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Review: The Kitchen


Posted on November 5

A new executive chef ushers in a new era at Sacramento's iconic demonstration restaurant.


Anyone in the Sacramento region with a modicum of interest in food knows The Kitchen. For more than two decades, the exclusive restaurant on Hurley Way has been the holy grail of fine dining in the city. Wonderfully distinctive and eyebrow-raisingly expensive, The Kitchen built its lofty reputation on theatrical, demonstration- style multicourse dinners constructed from thoughtfully foraged local ingredients.

Until 2005, chef/owner (and master of ceremonies) Randall Selland was the undisputed face and personality of The Kitchen. Entertaining diners with an edgy, brash sense of humor and luminous culinary talent, Selland managed and starred in the four- to five-hour-long dinners, contributing importantly to the upbeat revelry for which the restaurant was famous.

Sidelined by a double hip replacement in 2005, Selland asked longtime employee Noah Zonca to step in. Zonca carried on the upscale culinary party at The Kitchen (in a presentation style very similar to his employer’s), with Selland jumping in for special events and vacations, until this past December, when Zonca left to open Capital Dime in midtown. Selland and his family launched a national search for a replacement executive chef that took seven months.

It was difficult, notes Selland, to find someone with just the right combination of skill and personality to take over the iconic restaurant. He felt it was time to “put the show in the background,” he explains, and shine the spotlight on the ingredients and cooking techniques. “We wanted the focus to be more on the food, not about being loud and obnoxious,” he says.

The family eventually hired John Griffiths, who’d recently worked in St. Louis, Mo., as executive chef of Truffles, a highly regarded restaurant with a modern Italian menu of housemade pastas, salumi and bread. Selland briefly worked side by side with Griffiths before letting him fly solo in July. The transition appears to have been seamless. Griffiths says his extensive travels through Europe and Southeast Asia, as well as his experiences cooking on the East Coast and in the Midwest, have been “huge influences” on him and will be reflected in his menus.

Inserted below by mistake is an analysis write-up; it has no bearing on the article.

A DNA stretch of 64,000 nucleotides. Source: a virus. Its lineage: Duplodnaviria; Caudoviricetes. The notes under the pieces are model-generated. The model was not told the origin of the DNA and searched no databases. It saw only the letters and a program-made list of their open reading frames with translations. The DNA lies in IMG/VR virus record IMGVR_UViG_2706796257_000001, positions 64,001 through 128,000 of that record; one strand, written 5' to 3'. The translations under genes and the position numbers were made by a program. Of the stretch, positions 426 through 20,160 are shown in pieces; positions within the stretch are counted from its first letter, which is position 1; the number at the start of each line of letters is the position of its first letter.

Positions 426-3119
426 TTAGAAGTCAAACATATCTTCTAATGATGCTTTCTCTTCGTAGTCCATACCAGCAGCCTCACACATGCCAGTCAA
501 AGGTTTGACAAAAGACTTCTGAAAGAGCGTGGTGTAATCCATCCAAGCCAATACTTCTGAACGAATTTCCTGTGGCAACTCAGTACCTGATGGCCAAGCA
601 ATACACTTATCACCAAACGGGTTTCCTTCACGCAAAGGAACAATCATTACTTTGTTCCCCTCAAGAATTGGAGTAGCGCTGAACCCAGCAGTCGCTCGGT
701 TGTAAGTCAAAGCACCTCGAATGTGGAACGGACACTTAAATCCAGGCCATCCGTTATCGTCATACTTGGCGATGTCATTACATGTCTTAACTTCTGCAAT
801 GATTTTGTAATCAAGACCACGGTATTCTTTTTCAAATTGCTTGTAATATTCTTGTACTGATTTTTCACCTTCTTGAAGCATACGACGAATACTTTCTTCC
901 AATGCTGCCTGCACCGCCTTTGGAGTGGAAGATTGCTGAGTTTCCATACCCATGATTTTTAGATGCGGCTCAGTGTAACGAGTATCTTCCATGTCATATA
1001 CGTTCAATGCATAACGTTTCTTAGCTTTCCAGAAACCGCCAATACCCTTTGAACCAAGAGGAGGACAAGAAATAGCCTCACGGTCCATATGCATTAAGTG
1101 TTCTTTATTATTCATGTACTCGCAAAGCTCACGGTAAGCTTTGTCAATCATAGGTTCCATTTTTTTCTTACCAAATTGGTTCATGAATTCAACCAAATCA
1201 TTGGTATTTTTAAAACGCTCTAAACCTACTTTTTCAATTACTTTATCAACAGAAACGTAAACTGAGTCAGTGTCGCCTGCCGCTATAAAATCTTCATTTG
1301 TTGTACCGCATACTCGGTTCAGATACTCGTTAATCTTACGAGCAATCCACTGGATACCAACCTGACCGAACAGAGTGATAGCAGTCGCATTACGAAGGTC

A veteran Kitchen diner, I was excited to visit for a meal under Griffiths’ direction. It was immediately clear that the executive chef has embraced Selland’s new vision for the restaurant. The former giddily festive ambiance that some may have experienced as a bit overwhelming is now notably toned down. I found it to be a quieter, gentler-on-the-senses evening. The demonstration-style dinner rolls out much the same way it always has: visually stunning, diner-inclusive and packed with colorful ingredient information. But there is a respectful emphasis on the food and minimal glitzy theatrics. Griffiths connects nicely with his guests, guiding them thoughtfully through his menu, but his softer demeanor and passionate interest in his dishes, mixed with a dry, clever wit, makes for a more subtle dining experience.

Griffith’s five-course repast, which I enjoyed approximately six weeks after he took the helm, was a knockout. Prepared with a lighter, more produce-focused sensibility than previous meals I have had at the restaurant, it was as elaborate and breathtakingly photoworthy as any Kitchen fan could hope for. For the first course, an intensely fruity Charentais melon soup was accompanied by a ceviche of Mount Lassen trout made with chopped pecans, fresh lemon zest and chives and embellished with an airy lemon verbena emulsion. Wild quail “saltimbocca” was served with silky housemade agnolotti crammed with puréed sweet summer corn. Drizzled with a jammy, flavorful blueberry mostarda, the dish was a dazzler. And a delicate peach leaf sorbet, with its haunting sweetness, was a lovely accompaniment to the chef’s light-on-the-palate nectarine semifreddo dessert.

Swapping chefs at an established, high-profile restaurant can be a dicey affair. Selland admits that some longtime customers of The Kitchen are grumbling about the new, toned-down ambience. But I would encourage anyone interested in sophisticated farm-to-fork dining to visit and sample the dramatic, impressive cuisine that Griffiths and his talented staff are plating up. I think you’ll find that the changing of the guard at this Sacramento restaurant institution has been a successful one.

 

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